Overall
    Performance
    Story
    Any additional comments?

    For the most part I really enjoyed this book. Yergin does a good job of going through the history of the geo-political universe that has led us to this point as regards energy. While this book is very U.S-centric for the most part, he does investigate energy from a broad perspective in numerous parts, which adds to the depth of this book. What's more he laces his narrative with subtle historical aspects of the energy story that give it more depth than I was expecting. For instance, he talks about the people involved and the back story in some detail. This makes the book rather long, but it wasn't annoyingly so. In addition, this book was very timely and up to date. My biggest issues with this book were the seemingly glib glossing over of certain problems, especially environmental concerns as regards hydraulic fracturing (fraking) and the Deepwater Horizon oil spill. For instance, with the latter the author cites a NYTimes report that bacteria are consuming the oil and that the spill was just not that bad an environmental problem. I think this is a gross simplification of an important component of an important issue. Another problem I had with this book was that the author went into great gory detail about certain aspects of new energy (e.g., photovoltaic effect to make solar panels), yet didn't even mention certain emerging technologies that may arrive on the scene of energy production. For example, no mention of tidal power, which has been operating successfully in France for several decades. Granted this would fall in the tenths of percent of energy currently produced, but if your goal is to look forward to the "remaking of the modern world" one would think that more fully discussing these possible energy sources would be of value. Alas, no. This book is mainly about oil, coal, gas, wind, solar, and efficiency. Don't get me wrong, I HIGHLY recommend this book and think it essential reading for anyone interested in the intersection of energy, conservation, efficiency, and our complex global economy, but it could have been better.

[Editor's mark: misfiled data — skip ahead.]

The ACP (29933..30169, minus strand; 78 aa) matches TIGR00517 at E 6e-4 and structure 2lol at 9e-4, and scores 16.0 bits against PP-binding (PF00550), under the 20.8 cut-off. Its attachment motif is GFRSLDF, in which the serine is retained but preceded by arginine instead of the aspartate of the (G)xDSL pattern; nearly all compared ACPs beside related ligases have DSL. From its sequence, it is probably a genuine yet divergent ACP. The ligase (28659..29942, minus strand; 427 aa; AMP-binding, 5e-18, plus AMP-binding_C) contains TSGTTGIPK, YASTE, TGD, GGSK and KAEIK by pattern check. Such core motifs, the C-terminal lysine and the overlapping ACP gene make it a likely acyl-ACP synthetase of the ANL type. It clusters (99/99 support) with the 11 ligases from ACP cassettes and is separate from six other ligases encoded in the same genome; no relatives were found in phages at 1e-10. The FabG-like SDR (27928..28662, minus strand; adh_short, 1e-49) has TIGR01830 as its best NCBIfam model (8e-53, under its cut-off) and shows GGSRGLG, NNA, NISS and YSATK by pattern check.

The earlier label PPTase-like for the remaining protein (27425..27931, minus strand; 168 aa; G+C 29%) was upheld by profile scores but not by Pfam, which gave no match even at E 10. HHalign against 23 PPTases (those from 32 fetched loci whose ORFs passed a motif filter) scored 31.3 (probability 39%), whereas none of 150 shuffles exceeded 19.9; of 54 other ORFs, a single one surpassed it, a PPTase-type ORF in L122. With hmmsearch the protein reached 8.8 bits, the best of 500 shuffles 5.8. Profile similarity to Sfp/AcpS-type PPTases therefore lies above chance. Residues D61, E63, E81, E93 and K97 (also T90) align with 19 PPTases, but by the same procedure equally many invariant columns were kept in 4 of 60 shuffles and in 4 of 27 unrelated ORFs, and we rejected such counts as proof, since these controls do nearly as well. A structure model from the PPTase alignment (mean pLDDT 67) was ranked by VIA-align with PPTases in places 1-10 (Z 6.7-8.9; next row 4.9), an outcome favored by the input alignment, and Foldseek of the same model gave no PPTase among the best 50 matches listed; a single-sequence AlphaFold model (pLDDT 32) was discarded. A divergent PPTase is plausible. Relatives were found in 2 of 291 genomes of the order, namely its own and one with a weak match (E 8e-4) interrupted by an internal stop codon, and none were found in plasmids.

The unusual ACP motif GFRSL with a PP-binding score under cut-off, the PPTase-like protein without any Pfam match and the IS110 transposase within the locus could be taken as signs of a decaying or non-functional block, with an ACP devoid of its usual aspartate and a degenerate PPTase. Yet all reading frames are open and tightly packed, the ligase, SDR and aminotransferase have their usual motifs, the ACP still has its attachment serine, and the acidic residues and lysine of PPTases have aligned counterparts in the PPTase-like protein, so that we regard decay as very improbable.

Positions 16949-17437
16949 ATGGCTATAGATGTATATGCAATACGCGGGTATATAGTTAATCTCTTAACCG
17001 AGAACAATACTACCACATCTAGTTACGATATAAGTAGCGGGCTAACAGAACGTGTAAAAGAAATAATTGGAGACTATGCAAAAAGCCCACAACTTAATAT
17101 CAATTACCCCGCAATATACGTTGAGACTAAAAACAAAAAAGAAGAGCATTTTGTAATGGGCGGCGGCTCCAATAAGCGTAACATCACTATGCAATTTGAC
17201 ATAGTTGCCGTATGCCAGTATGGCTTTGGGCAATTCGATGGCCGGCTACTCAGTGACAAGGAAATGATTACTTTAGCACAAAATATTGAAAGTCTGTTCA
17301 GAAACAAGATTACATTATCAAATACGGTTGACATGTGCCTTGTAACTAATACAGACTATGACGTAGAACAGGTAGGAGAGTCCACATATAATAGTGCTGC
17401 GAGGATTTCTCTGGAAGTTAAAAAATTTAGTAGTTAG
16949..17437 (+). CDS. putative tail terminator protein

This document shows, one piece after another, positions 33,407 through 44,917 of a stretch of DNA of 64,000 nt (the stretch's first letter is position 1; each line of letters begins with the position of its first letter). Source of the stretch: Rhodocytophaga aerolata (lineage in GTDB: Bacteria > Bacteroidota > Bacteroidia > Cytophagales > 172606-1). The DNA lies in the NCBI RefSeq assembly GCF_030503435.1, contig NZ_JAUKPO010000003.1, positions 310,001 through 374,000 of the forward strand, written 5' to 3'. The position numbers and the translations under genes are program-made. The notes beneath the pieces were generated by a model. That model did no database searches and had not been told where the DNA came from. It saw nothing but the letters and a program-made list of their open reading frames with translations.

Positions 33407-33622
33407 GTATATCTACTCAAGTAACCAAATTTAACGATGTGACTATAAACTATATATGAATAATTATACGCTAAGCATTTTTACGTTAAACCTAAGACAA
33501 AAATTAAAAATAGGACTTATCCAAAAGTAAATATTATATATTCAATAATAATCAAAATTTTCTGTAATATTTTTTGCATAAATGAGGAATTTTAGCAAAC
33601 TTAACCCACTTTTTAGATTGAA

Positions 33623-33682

0 of 0 people found this review helpful